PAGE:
Global IP Traffic to hit 966 Exabytes by 2015
Global Internet traffic is growing at a rapid rate that is expected to accelerate even more in the coming years. According to the latest Visual Networking Index (VNI) forecast from Cisco, global Internet traffic will hit 966 exabytes per year in 2015.
The growth in Internet traffic over the next four years will be greatest between 2014 and 2015 when Cisco forecasts growth of 200 exabytes, which is the total amount of IP data that was sent in all of 2010.
"We're on the verge of the zettabyte era," Doug Webster, director of strategic communications, worldwide service provider marketing at Cisco, told InternetNews.com. "That's equivalent to eight times the amount of all the traffic generated in 2008. It's the equivalent of 20 million DVDs going across the network every hour."
There are a number of drivers behind the explosive demand in IP traffic. Chief among them is the simple fact that there are expected to be more users and more devices on the network. Cisco is predicting that by 2015 there will be two devices connected to the network for every person on Earth, or approximately 15 billion devices in total.
"Users are also getting access to faster broadband speeds," Webster said. "We're expecting a four-fold increase in broadband speeds from 7 Mbps in 2010 to 28 Mbps by 2015."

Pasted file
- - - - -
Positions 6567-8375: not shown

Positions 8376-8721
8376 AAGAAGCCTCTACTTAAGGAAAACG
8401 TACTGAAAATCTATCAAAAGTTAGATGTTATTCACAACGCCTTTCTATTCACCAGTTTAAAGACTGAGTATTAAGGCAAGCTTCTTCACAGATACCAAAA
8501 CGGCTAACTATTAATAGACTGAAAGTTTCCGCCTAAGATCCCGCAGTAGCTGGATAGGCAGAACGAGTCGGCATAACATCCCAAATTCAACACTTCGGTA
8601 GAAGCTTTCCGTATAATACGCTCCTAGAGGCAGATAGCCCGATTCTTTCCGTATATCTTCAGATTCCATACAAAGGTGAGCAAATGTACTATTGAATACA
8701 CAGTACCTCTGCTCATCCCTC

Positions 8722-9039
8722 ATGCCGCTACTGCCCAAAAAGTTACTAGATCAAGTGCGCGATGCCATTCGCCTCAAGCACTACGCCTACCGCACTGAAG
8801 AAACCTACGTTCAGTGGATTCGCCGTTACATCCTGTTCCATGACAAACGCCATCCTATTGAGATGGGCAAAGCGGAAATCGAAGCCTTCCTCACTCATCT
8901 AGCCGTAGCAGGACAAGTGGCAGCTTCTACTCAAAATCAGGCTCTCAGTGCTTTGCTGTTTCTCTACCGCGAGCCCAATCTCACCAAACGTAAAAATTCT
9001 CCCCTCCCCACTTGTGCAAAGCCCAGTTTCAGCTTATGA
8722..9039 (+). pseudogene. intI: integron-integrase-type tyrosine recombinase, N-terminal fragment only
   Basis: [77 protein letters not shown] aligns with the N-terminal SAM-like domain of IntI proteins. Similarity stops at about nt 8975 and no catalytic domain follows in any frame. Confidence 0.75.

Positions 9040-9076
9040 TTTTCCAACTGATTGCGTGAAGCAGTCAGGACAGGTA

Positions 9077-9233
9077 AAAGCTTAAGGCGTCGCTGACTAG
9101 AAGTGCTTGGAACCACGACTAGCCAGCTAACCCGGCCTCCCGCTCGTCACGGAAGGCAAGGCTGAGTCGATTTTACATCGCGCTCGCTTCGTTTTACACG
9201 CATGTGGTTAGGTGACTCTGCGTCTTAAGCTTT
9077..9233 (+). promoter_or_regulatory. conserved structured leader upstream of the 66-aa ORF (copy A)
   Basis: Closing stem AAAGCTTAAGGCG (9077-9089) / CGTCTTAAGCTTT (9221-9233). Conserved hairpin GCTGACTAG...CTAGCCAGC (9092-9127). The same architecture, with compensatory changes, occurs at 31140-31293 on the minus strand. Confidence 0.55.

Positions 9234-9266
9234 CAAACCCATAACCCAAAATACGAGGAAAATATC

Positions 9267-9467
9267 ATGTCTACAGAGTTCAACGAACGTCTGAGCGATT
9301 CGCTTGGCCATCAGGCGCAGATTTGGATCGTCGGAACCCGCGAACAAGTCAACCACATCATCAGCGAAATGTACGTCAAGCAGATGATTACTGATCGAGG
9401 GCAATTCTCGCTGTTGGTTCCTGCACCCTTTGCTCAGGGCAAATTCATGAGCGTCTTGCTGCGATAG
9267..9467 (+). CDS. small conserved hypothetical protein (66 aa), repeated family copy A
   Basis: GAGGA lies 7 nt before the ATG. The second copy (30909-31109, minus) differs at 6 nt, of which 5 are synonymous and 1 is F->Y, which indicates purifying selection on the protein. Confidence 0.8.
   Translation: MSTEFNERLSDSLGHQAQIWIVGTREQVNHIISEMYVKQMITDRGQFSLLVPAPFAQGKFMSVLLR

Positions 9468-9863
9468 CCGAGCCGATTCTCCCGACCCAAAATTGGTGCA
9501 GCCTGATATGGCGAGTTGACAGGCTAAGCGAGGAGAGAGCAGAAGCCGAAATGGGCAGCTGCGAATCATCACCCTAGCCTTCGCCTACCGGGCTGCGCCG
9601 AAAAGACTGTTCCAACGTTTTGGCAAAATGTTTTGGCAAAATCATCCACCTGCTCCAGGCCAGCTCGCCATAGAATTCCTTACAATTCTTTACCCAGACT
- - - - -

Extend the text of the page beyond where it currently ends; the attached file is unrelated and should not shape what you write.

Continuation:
In terms of traffic mix by device, there will be shift over the next several years. In 2015, Cisco is forecasting that PCs will generate 87 percent of Internet traffic down from 97 percent in 2010. Mobile devices including smartphones and tablets will pick up some of the slack.
Internet enabled TVs will also be responsible for traffic growth in 2015. Cisco forecasts that 18 percent of all Internet video traffic will consumed via TVs.
In past VNI studies, Cisco has pegged Peer-to-Peer (P2P) traffic as an IP glutton. That's set to chance over the next four years. P2P traffic is forecast to consume 16 percent of global Internet traffic in 2015, down from 40 percent in 2010.
By 2015, global Peer-to-Peer traffic will account for 16 percent of global consumer Internet traffic, down from 40 percent in 2010.
"The overall quantity of P2P is still increasing but because everything else is growing so much faster, the percentage of P2P traffic in the mix shows a decrease," Webster said.
Cisco has a vested interest in the continued demand for IP network traffic and it translated into continued demand for networking gear. In order to meet the demand of the network of 2015, service providers will need to invest in their networks.
"If there is no investment in the network, service providers will not able to sustain their levels of growth," Webster said. "Many providers might be running their network hot, but they're also realizing that they need excess capacity in their network to handle peaks in traffic."